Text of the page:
2. As Augustine says in the same passage, it is not disputed that Adam, like other just souls, was in some degree gifted with the Holy Ghost; but "he did not possess the Holy Ghost, as the faithful possess Him now," who are admitted to eternal happiness directly after death.
3. This passage from Augustine does not assert that angels or men were created with natural free-will before they possessed grace; but that God shows first what their free-will could do before being confirmed in grace, and what they acquired afterwards by being so confirmed.
4. The Master here speaks according to the opinion of those who held that man was not created in grace, but only in a state of nature. We may also say that, though man was created in grace, yet it was not by virtue of the nature wherein he was created that he could advance by merit, but by virtue of the grace which was added.
5. As the motion of the will is not continuous there is nothing against the first man having consented to grace even in the first moment of his existence.
6. We merit glory by an act of grace; but we do not merit grace by an act of nature; hence the comparison fails.
Objection: 1. It would seem that the first man's soul had no passions. For by the passions of the soul "the flesh lusteth against the spirit" (Ga 5,7). But this did not happen in the state of innocence. Therefore in the state of innocence there were no passions of the soul.
2. Further, Adam's soul was nobler than his body. But his body was impassible. Therefore no passions were in his soul.
3. Further, the passions of the soul are restrained by the moral virtues. But in Adam the moral virtues were perfect. Therefore the passions were entirely excluded from him.
On the contrary Augustine says (De Civ. Dei xiv, 10) that "in our first parents there was undisturbed love of God," and other passions of the soul.
I answer that The passions of the soul are in the sensual appetite, the object of which is good and evil. Wherefore some passions of the soul are directed to what is good, as love and joy; others to what is evil, as fear and sorrow. And since in the primitive state, evil was neither present nor imminent, nor was any good wanting which a good-will could desire to have then, as Augustine says (De Civ. Dei xiv, 10), therefore Adam had no passion with evil as its object; such as fear, sorrow, and the like; neither had he passions in respect of good not possessed, but to be possessed then, as burning concupiscence. But those passions which regard present good, as joy and love; or which regard future good to be had at the proper time, as desire and hope that casteth not down, existed in the state of innocence; otherwise, however, than as they exist in ourselves. For our sensual appetite, wherein the passions reside, is not entirely subject to reason; hence at times our passions forestall and hinder reason's judgment; at other times they follow reason's judgment, accordingly as the sensual appetite obeys reason to some extent. But in the state of innocence the inferior appetite was wholly subject to reason: so that in that state the passions of the soul existed only as consequent upon the judgment of reason.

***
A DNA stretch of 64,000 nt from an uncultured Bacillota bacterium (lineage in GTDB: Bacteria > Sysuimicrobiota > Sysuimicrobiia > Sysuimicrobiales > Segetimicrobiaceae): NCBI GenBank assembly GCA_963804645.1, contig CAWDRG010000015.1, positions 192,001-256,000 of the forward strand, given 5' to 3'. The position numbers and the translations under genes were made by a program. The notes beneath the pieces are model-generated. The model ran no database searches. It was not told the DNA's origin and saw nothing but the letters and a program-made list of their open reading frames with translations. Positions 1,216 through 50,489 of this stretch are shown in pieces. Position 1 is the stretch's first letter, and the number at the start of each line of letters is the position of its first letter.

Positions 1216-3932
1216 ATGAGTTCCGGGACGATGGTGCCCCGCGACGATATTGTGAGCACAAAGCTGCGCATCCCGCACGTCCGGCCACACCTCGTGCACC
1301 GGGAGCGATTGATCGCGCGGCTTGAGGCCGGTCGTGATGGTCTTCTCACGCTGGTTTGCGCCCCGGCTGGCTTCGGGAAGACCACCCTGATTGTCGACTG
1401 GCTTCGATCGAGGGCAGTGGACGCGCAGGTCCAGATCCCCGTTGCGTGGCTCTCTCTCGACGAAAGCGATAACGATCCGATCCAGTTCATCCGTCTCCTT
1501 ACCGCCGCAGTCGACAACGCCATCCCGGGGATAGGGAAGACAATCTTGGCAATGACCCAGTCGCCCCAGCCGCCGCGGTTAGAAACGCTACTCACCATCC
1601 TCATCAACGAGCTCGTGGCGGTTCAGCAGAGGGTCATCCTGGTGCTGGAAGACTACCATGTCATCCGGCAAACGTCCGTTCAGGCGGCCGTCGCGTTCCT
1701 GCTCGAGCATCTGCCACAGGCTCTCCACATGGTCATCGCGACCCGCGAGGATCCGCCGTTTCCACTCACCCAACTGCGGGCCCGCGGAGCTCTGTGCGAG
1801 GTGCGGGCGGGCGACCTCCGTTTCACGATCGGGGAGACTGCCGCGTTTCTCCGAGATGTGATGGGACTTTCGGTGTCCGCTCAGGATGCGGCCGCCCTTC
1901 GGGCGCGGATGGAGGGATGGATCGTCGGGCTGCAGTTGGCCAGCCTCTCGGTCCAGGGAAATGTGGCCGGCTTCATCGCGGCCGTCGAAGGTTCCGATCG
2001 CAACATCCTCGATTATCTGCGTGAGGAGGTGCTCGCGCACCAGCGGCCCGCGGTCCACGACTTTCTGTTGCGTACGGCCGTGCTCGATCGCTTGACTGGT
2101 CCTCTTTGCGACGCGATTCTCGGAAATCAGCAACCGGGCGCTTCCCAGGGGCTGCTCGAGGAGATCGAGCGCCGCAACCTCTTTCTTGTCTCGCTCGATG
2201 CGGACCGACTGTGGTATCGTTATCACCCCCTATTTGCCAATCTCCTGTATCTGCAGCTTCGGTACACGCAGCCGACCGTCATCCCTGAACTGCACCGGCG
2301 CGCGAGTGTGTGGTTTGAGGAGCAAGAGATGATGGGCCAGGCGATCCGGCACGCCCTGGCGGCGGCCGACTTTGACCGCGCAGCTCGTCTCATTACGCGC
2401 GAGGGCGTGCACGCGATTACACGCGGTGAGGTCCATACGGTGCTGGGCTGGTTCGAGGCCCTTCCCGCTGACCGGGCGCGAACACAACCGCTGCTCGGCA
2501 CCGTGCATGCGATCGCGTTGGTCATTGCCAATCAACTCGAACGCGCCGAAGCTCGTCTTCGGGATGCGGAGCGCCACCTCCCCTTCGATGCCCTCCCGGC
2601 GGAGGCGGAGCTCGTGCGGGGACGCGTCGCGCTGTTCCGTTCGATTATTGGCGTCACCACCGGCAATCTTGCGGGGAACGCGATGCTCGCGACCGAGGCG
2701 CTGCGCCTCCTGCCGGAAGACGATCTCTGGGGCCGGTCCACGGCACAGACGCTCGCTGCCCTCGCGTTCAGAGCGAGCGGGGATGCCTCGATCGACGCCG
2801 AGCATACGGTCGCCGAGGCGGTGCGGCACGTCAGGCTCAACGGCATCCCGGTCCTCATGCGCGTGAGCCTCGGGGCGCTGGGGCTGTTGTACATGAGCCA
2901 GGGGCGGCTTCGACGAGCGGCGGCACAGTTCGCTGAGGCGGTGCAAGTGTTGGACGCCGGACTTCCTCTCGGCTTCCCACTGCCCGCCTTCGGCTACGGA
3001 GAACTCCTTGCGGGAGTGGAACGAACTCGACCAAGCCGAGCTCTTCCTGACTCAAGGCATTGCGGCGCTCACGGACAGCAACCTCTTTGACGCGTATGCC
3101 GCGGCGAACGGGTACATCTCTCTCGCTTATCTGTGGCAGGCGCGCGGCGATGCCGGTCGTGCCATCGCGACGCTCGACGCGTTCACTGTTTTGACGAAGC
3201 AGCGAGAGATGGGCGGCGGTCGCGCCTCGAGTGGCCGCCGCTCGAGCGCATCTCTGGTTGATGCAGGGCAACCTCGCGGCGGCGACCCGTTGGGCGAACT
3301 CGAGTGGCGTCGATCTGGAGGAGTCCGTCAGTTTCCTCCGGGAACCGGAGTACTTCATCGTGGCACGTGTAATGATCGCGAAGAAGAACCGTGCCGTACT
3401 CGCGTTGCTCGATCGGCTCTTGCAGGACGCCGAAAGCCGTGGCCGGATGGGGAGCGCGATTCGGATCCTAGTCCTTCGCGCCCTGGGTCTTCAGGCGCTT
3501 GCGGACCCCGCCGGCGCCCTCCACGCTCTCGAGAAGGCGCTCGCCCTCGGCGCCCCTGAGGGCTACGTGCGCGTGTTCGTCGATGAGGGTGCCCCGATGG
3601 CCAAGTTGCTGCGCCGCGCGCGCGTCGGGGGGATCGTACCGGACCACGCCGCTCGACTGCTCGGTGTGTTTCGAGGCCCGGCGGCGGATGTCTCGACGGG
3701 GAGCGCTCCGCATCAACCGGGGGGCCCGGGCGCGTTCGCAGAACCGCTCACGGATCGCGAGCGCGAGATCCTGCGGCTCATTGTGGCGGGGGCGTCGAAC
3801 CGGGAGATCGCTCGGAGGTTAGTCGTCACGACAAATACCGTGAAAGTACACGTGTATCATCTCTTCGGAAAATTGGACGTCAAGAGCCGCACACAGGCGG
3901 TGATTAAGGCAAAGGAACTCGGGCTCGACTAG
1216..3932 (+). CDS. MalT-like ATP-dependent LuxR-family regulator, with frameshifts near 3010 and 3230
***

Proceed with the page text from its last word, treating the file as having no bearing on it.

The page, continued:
Reply to Objection: 1. The flesh lusts against the spirit by the rebellion of the passions against reason; which could not occur in the state of innocence.
2. The human body was impassible in the state of innocence as regards the passions which alter the disposition of nature, as will be explained later on (Question , Article ); likewise the soul was impassible as regards the passions which impede the free use of reason.
3. Perfection of moral virtue does not wholly take away the passions, but regulates them; for the temperate man desires as he ought to desire, and what he ought to desire, as stated in Ethic. iii, 11.
Objection: 1. It would seem that Adam had not all the virtues. For some virtues are directed to curb passions: thus immoderate concupiscence is restrained by temperance, and immoderate fear by fortitude. But in the state of innocence no immoderation existed in the passions. Therefore neither did these virtues then exist.
2. Further, some virtues are concerned with the passions which have evil as their object; as meekness with anger; fortitude with fear. But these passions did not exist in the state of innocence, as stated above (Article ). Therefore neither did those virtues exist then.
3. Further, penance is a virtue that regards sin committed. Mercy, too, is a virtue concerned with unhappiness. But in the state of innocence neither sin nor unhappiness existed. Therefore neither did those virtues exist.
4. Further, perseverance is a virtue. But Adam possessed it not; as proved by his subsequent sin. Therefore he possessed not every virtue.
5. Further, faith is a virtue. But it did not exist in the state of innocence; for it implies an obscurity of knowledge which seems to be incompatible with the perfection of the primitive state.